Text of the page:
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Do Axions Exist? We May Find Out Soon

For decades, scientists have been dedicated to detecting new particles that are not included in the standard model. A type of hypothetical ultralight scalars, such as axions or axion-like particles (ALPs), has attracted a lot of attention in a wide variety of researches. Yet there has been no sensor that is small enough, or accurate enough to detect such particle.

These challenges may come to an end soon, thanks to the achievement of Prof. DU Jiangfeng and his team from the University of Science and Technology of China. They just developed a method that extends our investigation range deeper into smaller scales, that is, shorter than 20μm. This new method may lead to the detection of many more new particles.

The solution proposed was to investigate the electron–nucleon monopole–dipole interactions. They used a near-surface single electron spin, which is a nitrogen-vacancy (NV) center in diamond, as the sensor. The NV center is less than 10 nm close to the surface of the diamond, so that it allows close proximity between the electron and the nucleon. The sensor can then detect the electron–nucleon interaction between the NV center and the nucleons in a fused silica half-ball lens.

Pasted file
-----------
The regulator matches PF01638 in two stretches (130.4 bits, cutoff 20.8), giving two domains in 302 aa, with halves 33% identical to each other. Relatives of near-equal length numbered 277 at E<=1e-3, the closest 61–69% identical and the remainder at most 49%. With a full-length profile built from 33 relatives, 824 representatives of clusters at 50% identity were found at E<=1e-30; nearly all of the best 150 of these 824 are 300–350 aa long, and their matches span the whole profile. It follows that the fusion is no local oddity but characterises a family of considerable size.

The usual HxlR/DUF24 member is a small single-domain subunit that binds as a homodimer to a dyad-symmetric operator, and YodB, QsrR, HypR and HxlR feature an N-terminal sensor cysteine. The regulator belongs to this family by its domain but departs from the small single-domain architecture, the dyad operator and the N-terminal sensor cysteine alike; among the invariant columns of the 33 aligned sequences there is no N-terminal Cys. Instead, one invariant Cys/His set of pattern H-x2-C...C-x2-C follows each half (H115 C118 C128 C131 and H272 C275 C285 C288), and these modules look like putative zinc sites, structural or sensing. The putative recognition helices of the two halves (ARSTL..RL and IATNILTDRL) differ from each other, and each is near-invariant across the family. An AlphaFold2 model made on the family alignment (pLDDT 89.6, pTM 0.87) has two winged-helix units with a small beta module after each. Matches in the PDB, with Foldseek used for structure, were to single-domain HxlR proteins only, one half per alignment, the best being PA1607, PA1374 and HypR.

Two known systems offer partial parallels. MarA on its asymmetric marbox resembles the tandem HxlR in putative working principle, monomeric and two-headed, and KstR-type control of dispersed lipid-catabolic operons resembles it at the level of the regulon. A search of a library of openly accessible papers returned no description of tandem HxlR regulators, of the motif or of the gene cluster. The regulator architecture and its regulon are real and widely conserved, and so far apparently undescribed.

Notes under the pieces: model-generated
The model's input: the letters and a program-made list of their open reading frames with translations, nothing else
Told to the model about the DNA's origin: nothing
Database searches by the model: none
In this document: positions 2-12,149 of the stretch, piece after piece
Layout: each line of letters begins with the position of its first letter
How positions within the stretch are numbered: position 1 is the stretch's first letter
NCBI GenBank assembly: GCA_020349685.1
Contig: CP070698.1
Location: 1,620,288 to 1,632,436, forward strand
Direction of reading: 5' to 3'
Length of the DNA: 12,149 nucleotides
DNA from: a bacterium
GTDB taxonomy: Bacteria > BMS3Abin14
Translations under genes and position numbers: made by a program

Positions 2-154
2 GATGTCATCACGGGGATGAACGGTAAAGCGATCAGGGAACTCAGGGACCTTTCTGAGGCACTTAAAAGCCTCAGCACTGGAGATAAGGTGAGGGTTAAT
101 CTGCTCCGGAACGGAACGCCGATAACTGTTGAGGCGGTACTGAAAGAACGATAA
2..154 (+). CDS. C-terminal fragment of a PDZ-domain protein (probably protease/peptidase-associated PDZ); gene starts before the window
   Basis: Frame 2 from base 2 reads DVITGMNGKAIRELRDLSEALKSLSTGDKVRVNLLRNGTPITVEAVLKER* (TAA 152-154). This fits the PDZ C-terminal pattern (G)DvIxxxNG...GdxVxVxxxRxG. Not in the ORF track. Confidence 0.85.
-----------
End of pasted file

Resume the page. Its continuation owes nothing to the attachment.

As the experiment indicated, this new method may detect interactions at the force range as short as 0.1μm. So far researchers have found no clear evidence that proves the existence of new particle within its detection range, yet this method can be further improved to fit more researches concerning spin-related interactions.

Reviewers highly recommend this result as “compelling” and “could open the direct searchable window to larger masses of the interacting bosons”. According to the team, this achievement may also inspire more discoveries in a variety of fields including cosmology, quantum science and fundamental theories like the string theory.

(Written by LIU Yu,edit by YAng Xinqi, Key Laboratory of micromagnetic resonance, School of physics, Hefei micro scale Material Science National Research Center, Chinese Academy of Sciences quantum information and quantum technology innovation research institute and research department, Chinese Academy of Sciences)



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